Now these are my personal feelings. I don’t wish to tell indy minyaniers they can’t do what they want and I think they should be able to do just that - whatever they want! But it is shortsighted to ignore this kind of the argument.

Shabbat Shalom

Wednesday, August 8, 2007

Mezzuzah Woes

Some of you may remember that I wrote about my Mezzuzah continually falling off the door post of my house (and off my gates). Well after some exploration and super sticky tacky glue tape I thought my woes were over. I was wrong.

Yesterday I came home to the scroll, double sided tape and super sticky tacky glue tape on my door, but no hand crafted Mezzuzah. It was gone: not on the floor, not handed to the door man, gone. It put me in a really bad mood.

Thinking back to way that Mezzuzah was so important it was clear it had to do with the fact that after a lot of work, I had my own place. It is there where I hope to live a nice long Jewish life in New York City. It is where my lovely laddie and I host Shabbat Dinners and get-to-gethers. It is where I like to bbq Hebrew Nationals and read the Sunday paper. It is where I watch TV, read books and talk to family members. This is my home. A Jewish home and it was violated. That upset me a lot.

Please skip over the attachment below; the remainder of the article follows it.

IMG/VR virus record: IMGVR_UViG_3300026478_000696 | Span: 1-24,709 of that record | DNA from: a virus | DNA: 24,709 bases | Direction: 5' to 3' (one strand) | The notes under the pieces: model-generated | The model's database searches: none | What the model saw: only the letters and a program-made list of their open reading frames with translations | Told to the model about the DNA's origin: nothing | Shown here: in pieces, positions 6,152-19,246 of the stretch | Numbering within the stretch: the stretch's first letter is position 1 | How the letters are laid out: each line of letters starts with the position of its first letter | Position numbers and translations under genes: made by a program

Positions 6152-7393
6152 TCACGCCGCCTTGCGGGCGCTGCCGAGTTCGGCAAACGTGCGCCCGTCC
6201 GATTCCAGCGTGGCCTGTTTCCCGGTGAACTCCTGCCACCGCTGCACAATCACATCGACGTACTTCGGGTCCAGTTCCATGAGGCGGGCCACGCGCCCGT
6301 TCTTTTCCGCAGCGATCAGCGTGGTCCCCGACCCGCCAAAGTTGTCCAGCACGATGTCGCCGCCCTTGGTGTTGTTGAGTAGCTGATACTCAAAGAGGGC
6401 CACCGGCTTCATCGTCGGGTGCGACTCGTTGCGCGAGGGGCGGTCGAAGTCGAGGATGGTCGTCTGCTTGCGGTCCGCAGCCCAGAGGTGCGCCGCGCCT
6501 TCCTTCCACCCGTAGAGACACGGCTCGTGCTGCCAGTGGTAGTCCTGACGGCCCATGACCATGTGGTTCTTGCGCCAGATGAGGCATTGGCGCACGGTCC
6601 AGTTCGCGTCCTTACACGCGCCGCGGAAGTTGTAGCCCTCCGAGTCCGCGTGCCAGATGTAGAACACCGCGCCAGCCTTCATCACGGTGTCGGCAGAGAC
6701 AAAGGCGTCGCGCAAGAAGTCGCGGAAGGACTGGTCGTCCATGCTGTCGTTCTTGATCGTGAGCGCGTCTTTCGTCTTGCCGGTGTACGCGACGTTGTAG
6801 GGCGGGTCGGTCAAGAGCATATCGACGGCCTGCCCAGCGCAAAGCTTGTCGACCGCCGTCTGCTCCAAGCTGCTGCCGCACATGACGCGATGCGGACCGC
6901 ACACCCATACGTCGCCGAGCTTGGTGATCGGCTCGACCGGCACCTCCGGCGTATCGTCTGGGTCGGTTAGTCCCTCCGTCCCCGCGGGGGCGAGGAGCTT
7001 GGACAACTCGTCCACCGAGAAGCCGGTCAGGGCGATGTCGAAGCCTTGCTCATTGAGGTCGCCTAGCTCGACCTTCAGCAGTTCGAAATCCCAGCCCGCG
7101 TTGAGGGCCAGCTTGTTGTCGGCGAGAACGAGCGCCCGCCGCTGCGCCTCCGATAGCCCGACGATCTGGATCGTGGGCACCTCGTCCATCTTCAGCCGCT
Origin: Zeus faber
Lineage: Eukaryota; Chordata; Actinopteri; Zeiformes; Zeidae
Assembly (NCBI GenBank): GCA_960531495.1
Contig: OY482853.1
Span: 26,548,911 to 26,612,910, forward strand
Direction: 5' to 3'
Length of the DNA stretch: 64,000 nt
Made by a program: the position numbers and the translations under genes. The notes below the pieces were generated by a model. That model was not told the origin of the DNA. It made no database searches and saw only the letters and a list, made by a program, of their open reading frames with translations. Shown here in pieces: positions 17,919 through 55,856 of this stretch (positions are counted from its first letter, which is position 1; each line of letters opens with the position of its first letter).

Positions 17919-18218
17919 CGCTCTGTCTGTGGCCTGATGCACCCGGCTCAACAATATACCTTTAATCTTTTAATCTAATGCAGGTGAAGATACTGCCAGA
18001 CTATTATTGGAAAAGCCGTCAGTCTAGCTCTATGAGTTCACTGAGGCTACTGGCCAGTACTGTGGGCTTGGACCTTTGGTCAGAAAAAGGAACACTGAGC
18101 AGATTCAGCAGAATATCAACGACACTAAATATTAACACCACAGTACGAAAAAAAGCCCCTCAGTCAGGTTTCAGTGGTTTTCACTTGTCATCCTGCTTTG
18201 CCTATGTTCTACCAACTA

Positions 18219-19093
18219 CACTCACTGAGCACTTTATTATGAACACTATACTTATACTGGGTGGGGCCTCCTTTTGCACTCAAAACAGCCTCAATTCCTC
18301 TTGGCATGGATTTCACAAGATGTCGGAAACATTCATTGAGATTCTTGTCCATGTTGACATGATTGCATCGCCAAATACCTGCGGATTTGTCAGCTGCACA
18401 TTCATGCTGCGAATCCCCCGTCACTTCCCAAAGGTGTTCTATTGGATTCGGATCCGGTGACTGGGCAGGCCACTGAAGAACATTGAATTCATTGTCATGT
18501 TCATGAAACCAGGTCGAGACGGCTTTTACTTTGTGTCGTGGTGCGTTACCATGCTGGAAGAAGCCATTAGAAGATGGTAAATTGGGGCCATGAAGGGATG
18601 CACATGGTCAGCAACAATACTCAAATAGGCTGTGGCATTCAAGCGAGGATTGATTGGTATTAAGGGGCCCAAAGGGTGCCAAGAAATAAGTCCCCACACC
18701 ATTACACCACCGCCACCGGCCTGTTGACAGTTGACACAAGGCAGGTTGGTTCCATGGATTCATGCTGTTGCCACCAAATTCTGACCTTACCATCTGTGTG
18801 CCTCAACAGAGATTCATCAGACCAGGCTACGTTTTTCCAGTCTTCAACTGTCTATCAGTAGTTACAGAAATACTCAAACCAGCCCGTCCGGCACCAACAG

None of the other Mezzuzah baring doors were missing their Jewish I.D. card. But still I have to wonder what the person who kicked or threw away this piece of art with Jewish symbols on it thought. Oh I will just chuck this...

I still hope that my neighbor picked up and will leave it with the door man today...who knows. This was a gift and it made my apartment feel like my home. Something I was proud of and now it is gone.

Tuesday, August 7, 2007

Micro-Editorial

The San Diego Union Tribune has a very interesting editorial today...it is about Mirco-loans and why the World Bank doesn't do more to "really" help the poor. It may have something to do with the relatively rightwing bend of Union-Trib that they want people to work for their money, but who cares? This is a good thing.
Micro-commitment

World Bank can do more to help the poor
August 7, 2007

“Give a man a fish and you feed him for a day. Teach a man to fish and you feed him for a lifetime.” – Chinese Proverb

“If the bank doesn't do it, who else will?” – 2006 Nobel Peace Prize winner Muhammad Yunus

Microcredit is a bureaucratic term for tiny but remarkably effective loans that in essence allow the poorest of the poor to learn how to fish – to lift themselves out of poverty. The bank referred to by Yunus is the World Bank, whose mission is captured in its noble slogan: “Working for a world free of poverty.”

So why does the World Bank commit just $132 million, less than 1 percent of its budget, to microcredit programs? Read More

We have been talking about this for a long time...nice to see that main stream media is catching up.

Monday, August 6, 2007

Coal Mines: The Death Trap of the Future and Past

Simply because Mik is at YearlyKos and no one over at Jspot has posted this yet, I will step up the plate. It seems to me as if more people are getting stuck in Coal Mines. This isn't good especially as we see more pressure for "green" liquid coal production in our country increase. So what are we going to do to stop it?

ASSOCIATED PRESS

11:28 a.m. August 6, 2007

HUNTINGTON, Utah – Six miners were trapped by a cave-in Monday at a coal mine five miles from the epicenter of a minor earthquake, authorities said.